Now think about this. If you are gone from the business for any reason and for an extended period of time, don’t you want it to continue? Don’t you want it to, in fact, prosper? What should you be doing now to ensure that your extended leave is not going to totally destroy the thing you’ve spent a lifetime building?

Let me be clear at this point. My associates and I are not financial planners. We are business planners and developers. We help businesses, their owners and leaders, grow. And grow seriously! This means we focus on changing the processes, the capabilities of the leaders, the culture, the marketing and sales plans and we help execute all of it for the express purpose of increasing the “enterprise value.” In short, we execute on the things that represent the “real” value of your business – not just the financials. We focus on increasing the value of your biggest asset – your company. And the best financial planner out there can’t or doesn’t do that.

So, if you’d like to avoid “partnering” with the State of Texas at some unknown future date, here’s a quick outline of what you should be doing right now:

  1. Identify who you should be raising up (training) to take your place.
    • My 80-year-old client was bemoaning the fact that his “number one” wasn’t ready to take over because he didn’t know the financials. This, as he pointed out the stack of payables sitting on his desk waiting for his approval. The telling question here? “What are you doing to teach him the financials and how you’re managing them?”
  2. Identify what processes and procedures should be simplified, modified or otherwise quantified in order to make them duplicated by the newest employee in that department.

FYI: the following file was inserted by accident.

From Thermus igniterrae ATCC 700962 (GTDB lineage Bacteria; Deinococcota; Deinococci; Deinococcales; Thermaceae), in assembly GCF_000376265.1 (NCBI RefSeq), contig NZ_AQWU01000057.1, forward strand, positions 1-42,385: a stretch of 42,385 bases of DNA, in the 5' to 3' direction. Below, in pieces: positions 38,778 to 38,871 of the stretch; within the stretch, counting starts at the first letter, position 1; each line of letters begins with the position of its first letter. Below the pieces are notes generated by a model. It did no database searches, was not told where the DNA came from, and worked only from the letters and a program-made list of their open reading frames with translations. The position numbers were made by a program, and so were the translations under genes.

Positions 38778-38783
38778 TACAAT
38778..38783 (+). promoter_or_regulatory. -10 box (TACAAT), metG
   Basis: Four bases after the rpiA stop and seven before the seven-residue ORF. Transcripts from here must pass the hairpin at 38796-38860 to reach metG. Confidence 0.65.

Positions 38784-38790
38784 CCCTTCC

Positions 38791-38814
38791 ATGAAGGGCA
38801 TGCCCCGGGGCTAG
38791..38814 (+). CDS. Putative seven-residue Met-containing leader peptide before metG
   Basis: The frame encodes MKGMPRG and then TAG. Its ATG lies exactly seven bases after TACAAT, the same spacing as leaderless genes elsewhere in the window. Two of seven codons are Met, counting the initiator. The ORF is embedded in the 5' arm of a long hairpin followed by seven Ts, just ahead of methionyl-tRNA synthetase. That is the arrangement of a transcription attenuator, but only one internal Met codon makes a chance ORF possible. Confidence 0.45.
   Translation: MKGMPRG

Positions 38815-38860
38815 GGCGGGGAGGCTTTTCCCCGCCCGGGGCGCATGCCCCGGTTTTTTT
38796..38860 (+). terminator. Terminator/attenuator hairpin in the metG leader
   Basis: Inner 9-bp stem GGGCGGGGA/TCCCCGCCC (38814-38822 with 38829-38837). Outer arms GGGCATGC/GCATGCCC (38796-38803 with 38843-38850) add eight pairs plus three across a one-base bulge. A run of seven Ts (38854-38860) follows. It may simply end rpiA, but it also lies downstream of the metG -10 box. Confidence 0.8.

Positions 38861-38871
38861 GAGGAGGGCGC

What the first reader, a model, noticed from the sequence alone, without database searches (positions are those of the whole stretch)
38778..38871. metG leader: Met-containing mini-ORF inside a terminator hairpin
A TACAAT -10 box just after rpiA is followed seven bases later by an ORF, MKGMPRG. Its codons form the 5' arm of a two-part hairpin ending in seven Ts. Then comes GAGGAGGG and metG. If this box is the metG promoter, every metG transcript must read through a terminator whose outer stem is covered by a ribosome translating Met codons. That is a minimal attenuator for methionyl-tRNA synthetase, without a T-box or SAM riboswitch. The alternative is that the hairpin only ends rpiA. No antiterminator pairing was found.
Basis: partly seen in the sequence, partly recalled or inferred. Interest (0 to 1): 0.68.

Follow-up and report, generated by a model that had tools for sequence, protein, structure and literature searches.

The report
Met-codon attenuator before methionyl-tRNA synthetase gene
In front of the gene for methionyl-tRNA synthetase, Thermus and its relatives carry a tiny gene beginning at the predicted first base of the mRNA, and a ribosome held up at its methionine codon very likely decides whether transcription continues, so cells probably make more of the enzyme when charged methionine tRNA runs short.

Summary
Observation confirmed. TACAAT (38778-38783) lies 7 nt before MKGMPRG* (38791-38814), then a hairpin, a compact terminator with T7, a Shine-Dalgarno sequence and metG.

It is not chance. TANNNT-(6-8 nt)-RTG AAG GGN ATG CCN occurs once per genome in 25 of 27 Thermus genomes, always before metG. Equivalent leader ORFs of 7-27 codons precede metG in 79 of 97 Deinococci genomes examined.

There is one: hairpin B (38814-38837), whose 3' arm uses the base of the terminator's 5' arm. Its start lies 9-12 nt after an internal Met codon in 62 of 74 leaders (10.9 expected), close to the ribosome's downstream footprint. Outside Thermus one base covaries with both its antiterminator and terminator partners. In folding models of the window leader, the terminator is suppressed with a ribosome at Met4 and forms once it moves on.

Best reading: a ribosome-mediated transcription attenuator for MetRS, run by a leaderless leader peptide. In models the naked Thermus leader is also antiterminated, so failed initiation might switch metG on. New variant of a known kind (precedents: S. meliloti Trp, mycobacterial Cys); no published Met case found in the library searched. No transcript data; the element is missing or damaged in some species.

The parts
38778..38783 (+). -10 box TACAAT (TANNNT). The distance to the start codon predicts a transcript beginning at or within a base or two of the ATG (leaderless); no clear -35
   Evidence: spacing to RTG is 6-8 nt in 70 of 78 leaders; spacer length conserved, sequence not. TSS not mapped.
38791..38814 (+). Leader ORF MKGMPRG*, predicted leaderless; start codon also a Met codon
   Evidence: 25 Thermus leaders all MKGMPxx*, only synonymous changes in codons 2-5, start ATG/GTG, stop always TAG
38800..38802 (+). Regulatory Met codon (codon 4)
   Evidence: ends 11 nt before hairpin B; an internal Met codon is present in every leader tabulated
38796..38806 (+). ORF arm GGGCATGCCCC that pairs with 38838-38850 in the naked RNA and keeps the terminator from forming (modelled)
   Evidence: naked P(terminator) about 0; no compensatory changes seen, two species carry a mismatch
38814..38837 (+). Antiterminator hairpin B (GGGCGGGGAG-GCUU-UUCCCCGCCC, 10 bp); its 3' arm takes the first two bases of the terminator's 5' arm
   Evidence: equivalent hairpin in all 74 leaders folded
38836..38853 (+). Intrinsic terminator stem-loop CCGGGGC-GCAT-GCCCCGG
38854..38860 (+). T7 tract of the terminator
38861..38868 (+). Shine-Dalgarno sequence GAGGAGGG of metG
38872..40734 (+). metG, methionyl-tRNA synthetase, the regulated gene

• By not systematizing his accounting processes, my friend was also telegraphing that there were most likely many other areas in his company that had not been systematized.
  1. Identify your key client relationships and make sure the person in charge of that relationship has introduced into that relationship a protégé  (a “second,” so to speak). This is especially important if you are that lead person.
  2. Do this same thing for your key supplier and vendor relationships.

These are just a start – but they ARE a start! Here’s an analogy that captures this whole concept:

What if tomorrow morning, you received a call from a legitimate, trusted source and they told you that you, your spouse, and your entire family had just won an all expense paid vacation for three months to do an around the world tour? The catch? You have to leave by one week from today.

How would you organize your company in that one week so that you could confidently take the trip?

(Note – from a negative side, how are you going to tell your spouse that you can’t make the trip because you can’t leave the company for that long?)

Call me – let us help you get ready for the trip . . . we know how.

Dave